bionics

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bionics

 [bi-on´iks]
scientific study of how functions, characteristics, and phenomena observed in the living world can be applied to nonliving systems.

bi·on·ics

(bī-on'iks),
1. The science of biologic functions and mechanisms as applied to electronic chemistry; such as computers, employing various aspects of physics, mathematics, and chemistry; for example, improving cybernetic engineering by reference to the organization of the vertebrate nervous system.
2. The science of applying the knowledge gained by studying the characteristics of living organisms to the formulation of nonorganic devices and techniques.
[bio- + electronics]

bionics

/bi·on·ics/ (bi-on´iks) scientific study of functions, characteristics, and phenomena observed in the living world, and the application of knowledge gained therefrom to nonliving systems.

bionics

(bī-ŏn′ĭks)
n. (used with a sing. verb)
Application of biological principles to the study and design of engineering systems, especially electronic systems.

bionics

[bī·on′iks]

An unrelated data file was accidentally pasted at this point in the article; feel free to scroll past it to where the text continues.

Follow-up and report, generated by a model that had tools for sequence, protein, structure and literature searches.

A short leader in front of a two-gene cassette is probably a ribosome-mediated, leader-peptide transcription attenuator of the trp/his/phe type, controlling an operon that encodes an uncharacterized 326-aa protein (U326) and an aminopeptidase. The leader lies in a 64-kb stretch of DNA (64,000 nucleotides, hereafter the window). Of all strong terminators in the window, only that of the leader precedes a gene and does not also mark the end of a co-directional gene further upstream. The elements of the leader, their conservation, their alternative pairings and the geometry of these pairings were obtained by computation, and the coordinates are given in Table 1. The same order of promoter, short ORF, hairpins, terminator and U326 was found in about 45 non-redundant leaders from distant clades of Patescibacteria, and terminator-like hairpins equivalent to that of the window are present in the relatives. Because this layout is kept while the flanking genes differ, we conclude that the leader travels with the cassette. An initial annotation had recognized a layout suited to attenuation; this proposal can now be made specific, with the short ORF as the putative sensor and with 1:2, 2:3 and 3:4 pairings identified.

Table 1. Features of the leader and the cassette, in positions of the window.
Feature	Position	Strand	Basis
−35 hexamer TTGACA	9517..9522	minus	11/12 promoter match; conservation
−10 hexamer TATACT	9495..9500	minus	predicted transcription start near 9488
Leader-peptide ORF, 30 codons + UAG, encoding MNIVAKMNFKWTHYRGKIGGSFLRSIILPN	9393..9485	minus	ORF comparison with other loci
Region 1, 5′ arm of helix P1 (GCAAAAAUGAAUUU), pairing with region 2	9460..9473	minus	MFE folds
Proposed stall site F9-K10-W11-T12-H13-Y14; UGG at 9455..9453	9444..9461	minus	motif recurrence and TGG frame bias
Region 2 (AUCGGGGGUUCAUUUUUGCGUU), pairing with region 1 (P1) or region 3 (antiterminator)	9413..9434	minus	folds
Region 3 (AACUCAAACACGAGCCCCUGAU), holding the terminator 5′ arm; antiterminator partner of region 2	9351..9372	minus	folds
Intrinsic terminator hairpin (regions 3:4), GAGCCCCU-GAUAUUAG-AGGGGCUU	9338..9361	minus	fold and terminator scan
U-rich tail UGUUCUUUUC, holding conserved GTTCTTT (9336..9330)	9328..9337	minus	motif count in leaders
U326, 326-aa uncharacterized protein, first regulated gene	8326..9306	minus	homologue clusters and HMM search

the science of applying electronic principles and devices, such as computers and solid-state miniaturized circuitry, to medical problems. An example of the application of bionics is the development of artificial pacemakers to correct abnormal heart rhythms. bionic, adj.

bionics

An evolving field that studies biological structure and function in order to create electronic and mechanical devices and synthetic body parts that would serve as viable substitutes for limbs, organs and tissues degenerated, destroyed or damaged by accidents or injuries of war.

bi·on·ics

(bī-on'iks)
1. The science of biologic functions and mechanisms as applied to electronic technology.
2. The science of applying the knowledge gained by studying the characteristics of living organisms to the formulation of nonorganic devices and techniques.
[bio- + electronics]

bionics

Biological principles applied to the design of engineering systems, especially electronic systems.

bionics

scientific study of functions, characteristics and phenomena observed in the living world, and application of knowledge gained to nonliving systems.